However, as they did not contrast their results with a control group, they could not demonstrate that the changes were the effect of training and not a consequence of physiological changes linked to growth. We believe that these results are not of quality because this study had risk of bias. In any case, it has been documented that the VO2 of sedentary children does not improve with growth . The highest percentage of studies carried out a training intervention for 12 weeks, with 3 sessions/week. Due to the physiological limitations of people with DS, such as their low rate of respiratory oxygen exchange, at least 12 weeks of training is needed to improve their aerobic fitness [43-46,48]. Besides, circuit training including plyometrics or resistance improves several cardiorespiratory parameters  and lipoperoxidation . Thus, the performance of daily activities would improve, along with autonomy and cardiovascular health. Frequency and session length are aspects linked to the design of the training program which could impact the results achieved by researches. An exercise program comprised of 2 sessions/week of between 10-15 minutes . required a greater high-intensity duration for modifying measurements of either cardiorespiratory or metabolic characteristics than those comprised of 25-35-minute sessions , 20-35 minutes , 20- 25 minutes , or 30 minutes .
The authors can state that the exercise program including the intensity of 60 -70% of HRmax should be performed to show significant improvement. Individuals with DS exhibit autonomic dysfunction, which results in reduced HRmax [20,23] Readers could think if four revised studied [44-46,48] used age estimated HRmax, 60-70% exercise intensity will induce higher exercise intensity than what it supposed to be DS. However,  investigated heart rate validity at repose and during exercise in people with DS and concluded that this population has greater parasympathetic activity at repose, but group differences vanish with the beginning of exercise, which advises that other variables such as reduced catecholamine sensitivity or circulating catecholamines could be answerable to chronotropic incompetence in persons with DS.
In exercise, lipids are an important source of energy; demand increases as the duration of the exercise is prolonged . Insulin resistance and obesity, which are recurrent among people with DS, are linked to harmful (more atherogenic) lipid profiles, characterized by elevated triglycerides and low HDL cholesterol . This alteration in the lipid profile contributes to a higher rate of myocardial infarction and cerebrovascular accidents than in a population without DS. Previous findings paralleling lipoprotein and lipid concentrations in people with and without DS resulted in conflicting outcomes [68,69]. Furthermore, it is uncertain whether people with DS have an especially atherogenic lipid profile before evolving diabetes and obesity . On the other hand, changes in production of thyroid hormones (hypotiroidism) can influence the lipid profile of this population . Thus, to ensure that triglyceride and cholesterol levels remain at the correct levels, monitoring thyroid hormone level is important.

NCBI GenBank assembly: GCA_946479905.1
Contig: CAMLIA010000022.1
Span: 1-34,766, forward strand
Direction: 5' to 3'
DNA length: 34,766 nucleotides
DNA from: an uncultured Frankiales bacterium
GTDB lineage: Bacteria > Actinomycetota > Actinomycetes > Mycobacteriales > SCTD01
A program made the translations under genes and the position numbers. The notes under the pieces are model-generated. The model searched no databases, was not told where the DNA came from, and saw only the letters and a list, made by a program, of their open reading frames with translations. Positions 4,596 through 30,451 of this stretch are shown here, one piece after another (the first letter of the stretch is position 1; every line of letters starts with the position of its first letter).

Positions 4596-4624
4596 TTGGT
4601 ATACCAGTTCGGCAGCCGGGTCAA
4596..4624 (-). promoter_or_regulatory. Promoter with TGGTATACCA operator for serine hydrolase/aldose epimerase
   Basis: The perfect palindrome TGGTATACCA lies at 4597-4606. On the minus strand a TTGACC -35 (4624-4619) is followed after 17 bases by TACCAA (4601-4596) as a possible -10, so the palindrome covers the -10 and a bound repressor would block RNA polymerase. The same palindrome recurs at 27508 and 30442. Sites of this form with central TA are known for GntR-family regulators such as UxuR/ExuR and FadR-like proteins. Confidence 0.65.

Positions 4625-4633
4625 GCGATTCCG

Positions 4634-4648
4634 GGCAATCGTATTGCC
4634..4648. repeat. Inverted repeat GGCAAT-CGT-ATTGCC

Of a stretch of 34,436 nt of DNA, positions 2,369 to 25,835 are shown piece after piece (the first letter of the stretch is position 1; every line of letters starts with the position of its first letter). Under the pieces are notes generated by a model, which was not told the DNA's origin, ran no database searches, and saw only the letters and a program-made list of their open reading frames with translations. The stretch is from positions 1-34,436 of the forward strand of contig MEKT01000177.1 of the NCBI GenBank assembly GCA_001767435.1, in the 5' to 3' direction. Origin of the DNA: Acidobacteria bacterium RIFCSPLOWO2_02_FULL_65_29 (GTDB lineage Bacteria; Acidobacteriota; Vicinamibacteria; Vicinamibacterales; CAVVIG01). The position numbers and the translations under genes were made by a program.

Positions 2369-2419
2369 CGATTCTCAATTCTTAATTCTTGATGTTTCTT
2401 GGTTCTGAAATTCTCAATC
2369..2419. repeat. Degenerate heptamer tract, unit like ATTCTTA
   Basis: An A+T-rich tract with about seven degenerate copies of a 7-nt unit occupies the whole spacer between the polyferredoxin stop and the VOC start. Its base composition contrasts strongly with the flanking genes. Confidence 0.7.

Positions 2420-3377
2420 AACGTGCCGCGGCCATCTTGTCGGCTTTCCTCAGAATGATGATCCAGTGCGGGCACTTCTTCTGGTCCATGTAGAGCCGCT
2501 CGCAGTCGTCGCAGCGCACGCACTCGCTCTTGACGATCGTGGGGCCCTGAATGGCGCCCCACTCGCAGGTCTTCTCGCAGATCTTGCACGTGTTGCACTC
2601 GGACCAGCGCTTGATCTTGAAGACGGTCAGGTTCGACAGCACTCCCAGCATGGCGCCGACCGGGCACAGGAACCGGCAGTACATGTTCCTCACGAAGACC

In their research,  found that the percentage of fat mass and low-density cholesterol lipoprotein (LDL) levels decreased very significantly in DS youths subjected to a strength training circuit program. In turn, an increase in HDL cholesterol levels was observed in addition to a reduction in fat mass. The latter prevents obstruction of the arteries and transports excess cholesterol to the liver so that it can be excreted, preventing heart disease . In people with DS, a diminution in HDL cholesterol and an increase in body mass is linked to the development of metabolic syndrome . Therefore, we can state that lipoperoxidation could be predicted in other contexts, given that in this study the control group consisted of people with SD, adjusted for age and sex, thus avoiding the bias caused by using controls without Trisomy-21.
Although to prevent oxidative damage a balance is necessary between enzyme activity in the first and second steps (that is, the quotient of SOD/GPX + catalase), overexpression of the SOD gene located in chromosome 21 would lead to an excess in the production of H2O2, which could transform into hydroxyl radicals. This fact would explain, at least in part, the higher sensitivity of trisomic cells to oxidative injury . However, instead of a rise in SOD activity being favorable, augmented lipid peroxidation is linked to increased expression; similarly, researches on transgenic animals and bacteria indicate that high levels of SOD produce an increase in lipid peroxidation and hypersensitivity to oxidative stress . Erythrocytes, which contain a high content of antioxidant enzymes, provide a great deal of information about physiological processes occurring in other tissues; this information can be accessed using a minimally invasive technique . Therefore, , studied the effect of regular exercise on erythrocyte catalase activity in the DS population with the purpose of increasing their redox metabolism. They concluded that the 12-week program of physical activity increased the catalase erythrocyte, although not significantly. In spite of the fact that studies of individuals with intellectual disability have not been found.  statement a significant increase in activity of the catalase enzyme in patients with arterial hypertension after a 3-month program has been published.